A new survey from the Cybersecure Policy Exchange (CPX) at Ryerson University in Toronto revealed that nearly 57% of Canadians have been the victims of a cyberattack. The survey “Advancing a Cybersecure Canada” highlighted Canadians’ online behavior and their priorities on cybersecurity and data privacy.
According to the survey, 31% of respondents suffered a cyberattack due to unintentional download of malware. 22% reported that unknown hackers compromised their accounts. 28% of respondents experienced a data breach, while 13% of them suffered a phishing attack.
Other Key Findings include:
- Canadians have adopted new technologies to stay connected during the lockdown, making them more vulnerable to privacy and security risks. 55% of Canadians have used Facebook Messenger and 46% have used Zoom
- Only 26% of Canadians with a smart speaker or voice-operated assistant have restricted the information it can access through its settings
- Only 15% of Canadians trust Facebook to keep their data secure, compared to 62% who trust the federal government and 73% who trust health care providers
- 68% of Canadians have at least one smart device in their home
- 41% of Canadians are uncomfortable with being captured by video doorbells like Amazon’s Ring, and 15% support a ban on these products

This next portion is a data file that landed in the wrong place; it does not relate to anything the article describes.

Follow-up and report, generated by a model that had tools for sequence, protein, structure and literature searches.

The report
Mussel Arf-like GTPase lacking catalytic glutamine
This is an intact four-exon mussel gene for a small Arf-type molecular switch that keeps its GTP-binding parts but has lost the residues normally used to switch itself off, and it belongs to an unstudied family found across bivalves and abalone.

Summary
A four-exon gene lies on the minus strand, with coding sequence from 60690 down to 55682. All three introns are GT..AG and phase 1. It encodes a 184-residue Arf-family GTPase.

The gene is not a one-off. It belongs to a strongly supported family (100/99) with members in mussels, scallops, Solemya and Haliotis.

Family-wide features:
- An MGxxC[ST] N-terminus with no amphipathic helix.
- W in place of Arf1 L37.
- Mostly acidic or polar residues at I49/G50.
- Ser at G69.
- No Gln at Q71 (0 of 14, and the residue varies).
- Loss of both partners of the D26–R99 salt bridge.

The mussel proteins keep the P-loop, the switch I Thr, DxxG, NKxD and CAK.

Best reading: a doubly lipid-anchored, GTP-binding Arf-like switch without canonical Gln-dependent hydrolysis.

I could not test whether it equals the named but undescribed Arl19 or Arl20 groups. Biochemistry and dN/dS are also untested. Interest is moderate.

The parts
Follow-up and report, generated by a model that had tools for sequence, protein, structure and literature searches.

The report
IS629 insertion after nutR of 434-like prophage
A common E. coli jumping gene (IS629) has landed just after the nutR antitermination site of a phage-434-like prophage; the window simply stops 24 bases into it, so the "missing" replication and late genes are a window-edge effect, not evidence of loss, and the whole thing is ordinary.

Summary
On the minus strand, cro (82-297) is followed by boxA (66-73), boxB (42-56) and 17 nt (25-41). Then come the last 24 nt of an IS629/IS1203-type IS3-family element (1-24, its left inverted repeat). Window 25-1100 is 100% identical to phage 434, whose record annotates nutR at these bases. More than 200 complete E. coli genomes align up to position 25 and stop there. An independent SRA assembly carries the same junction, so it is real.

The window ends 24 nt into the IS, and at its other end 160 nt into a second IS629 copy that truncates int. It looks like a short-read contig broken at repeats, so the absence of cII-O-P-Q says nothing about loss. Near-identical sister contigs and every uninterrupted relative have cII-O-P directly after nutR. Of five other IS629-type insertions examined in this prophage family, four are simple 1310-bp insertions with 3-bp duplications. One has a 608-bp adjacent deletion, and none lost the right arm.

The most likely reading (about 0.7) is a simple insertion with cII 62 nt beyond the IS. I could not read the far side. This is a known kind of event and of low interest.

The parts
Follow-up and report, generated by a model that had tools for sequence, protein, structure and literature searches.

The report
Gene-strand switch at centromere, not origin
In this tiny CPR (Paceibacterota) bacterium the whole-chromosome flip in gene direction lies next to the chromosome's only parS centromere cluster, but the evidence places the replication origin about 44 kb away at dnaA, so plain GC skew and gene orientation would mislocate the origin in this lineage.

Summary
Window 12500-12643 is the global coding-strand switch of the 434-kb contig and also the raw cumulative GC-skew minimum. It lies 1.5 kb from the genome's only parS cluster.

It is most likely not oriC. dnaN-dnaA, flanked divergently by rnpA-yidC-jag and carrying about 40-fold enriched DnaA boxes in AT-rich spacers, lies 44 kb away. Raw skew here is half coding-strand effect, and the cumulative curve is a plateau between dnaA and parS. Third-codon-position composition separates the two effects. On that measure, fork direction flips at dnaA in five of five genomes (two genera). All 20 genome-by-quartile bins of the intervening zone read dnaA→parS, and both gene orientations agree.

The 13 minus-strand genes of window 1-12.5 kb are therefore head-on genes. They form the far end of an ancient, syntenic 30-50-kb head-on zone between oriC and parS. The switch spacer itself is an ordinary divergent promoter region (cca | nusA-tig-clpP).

Charles Finlay, Executive Director of Rogers Cybersecure Catalyst – Ryerson University, said, “We live and work in a time of unprecedented technology development and adoption further accelerated by events like COVID-19. We need urgent national policies that protect our security and digital privacy, while ensuring equal access for all. That is why we developed CPX–to be a platform for debating and advancing cybersecurity policy that is of critical importance to all Canadians.”
Cyberattacks on Canada
Multiple security incidents have been reported in Canada. Recently, the Chartered Professional Accountants of Canada (CPA) disclosed a security breach that affected over 329,000 members and stakeholders of the association. It is said that unknown hackers compromised the CPA Canada website and obtained information related to the distribution of its magazine. “There is no evidence that the encryption keys were affected in this incident and we have no reason to believe the encryption was compromised,” the company said in its security incident report.